Typical duties include: Participating in the development of personnel policies and procedures; analyzing, evaluating, and defining unusually difficult jobs, e.g., those in emerging occupations which lack applicable guidelines, or in organizations so complex and dynamic that it is difficult to determine the extent of a position’s responsibility; recruiting candidates for one-of-a-kind jobs; participating in employee-management relations where the underlying issues are difficult to identify; planning and administering a comprehensive employee development program; or performing labor relations assignments for a large conglomerate.
Personnel Specialist 6
Program evaluation. Applies to three different work situations. In situation (1), specialists evaluate the personnel management program of large, complex organizations. Such evaluations require broad understanding and sensitivity both to the interrelationships between different personnel programs and to complex organizational and management relationships. In situation (2), specialists provide advice to management in improving personnel programs in unusually complex organizations. Such expertise extends beyond knowledge of guidelines, precedents, and technical principles into areas of program management and administration. In situation (3), specialists serve as evaluation experts assigned to uniquely difficult and sensitive personnel problems, e.g., solutions are unusually controversial; specialists are required to persuade and motivate key officials to change major personnel policies or procedures; or problems include serious complaints where facts are vague.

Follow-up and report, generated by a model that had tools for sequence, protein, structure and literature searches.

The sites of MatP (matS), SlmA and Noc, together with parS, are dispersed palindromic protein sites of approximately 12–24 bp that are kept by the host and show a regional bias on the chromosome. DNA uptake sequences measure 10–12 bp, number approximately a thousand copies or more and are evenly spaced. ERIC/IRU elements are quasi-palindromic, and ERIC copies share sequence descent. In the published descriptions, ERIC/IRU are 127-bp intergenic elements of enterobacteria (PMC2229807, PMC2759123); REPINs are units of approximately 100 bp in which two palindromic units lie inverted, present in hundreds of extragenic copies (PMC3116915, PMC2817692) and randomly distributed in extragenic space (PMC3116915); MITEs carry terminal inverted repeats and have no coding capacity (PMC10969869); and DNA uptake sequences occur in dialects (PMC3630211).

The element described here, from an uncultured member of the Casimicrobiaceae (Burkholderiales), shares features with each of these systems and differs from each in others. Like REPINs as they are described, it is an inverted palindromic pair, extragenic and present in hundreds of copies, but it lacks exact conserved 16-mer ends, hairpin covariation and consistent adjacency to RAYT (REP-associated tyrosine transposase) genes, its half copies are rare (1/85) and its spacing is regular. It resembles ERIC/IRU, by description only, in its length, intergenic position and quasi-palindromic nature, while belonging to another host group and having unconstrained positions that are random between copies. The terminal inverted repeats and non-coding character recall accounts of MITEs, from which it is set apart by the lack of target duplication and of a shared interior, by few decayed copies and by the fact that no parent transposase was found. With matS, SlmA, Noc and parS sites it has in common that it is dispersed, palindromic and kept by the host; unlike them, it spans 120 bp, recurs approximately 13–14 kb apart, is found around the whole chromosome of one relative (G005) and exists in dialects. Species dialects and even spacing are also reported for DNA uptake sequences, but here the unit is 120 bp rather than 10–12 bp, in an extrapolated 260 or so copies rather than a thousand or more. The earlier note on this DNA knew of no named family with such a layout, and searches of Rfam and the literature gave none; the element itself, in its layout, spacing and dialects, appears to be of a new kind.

Program development. Specialists have full technical responsibility for unusually complex personnel projects, studies, policies, or programs. The scope and impact of these assignments are broad and are of considerable importance to organizational management.
Supervision received is essentially administrative, with assignments given in terms of broad general objectives and limits.
(143: Personnel, training, and labor relations specialist)
Supervises three or more personnel specialists and/or clerks and paraprofessionals. Although the work is supervisory in nature, it requires substantial knowledge of personnel policies, procedures, and practices.
a. Positions matched to the personnel specialist definition:
b. Directors of personnel, who service more than 250 employees and have significant responsibility for administering all three of the following functions: Job evaluation, employment and placement, and employee relations and services. In addition, workers in these excluded positions serve top management of their organization as the source of advice on personnel matters and problems;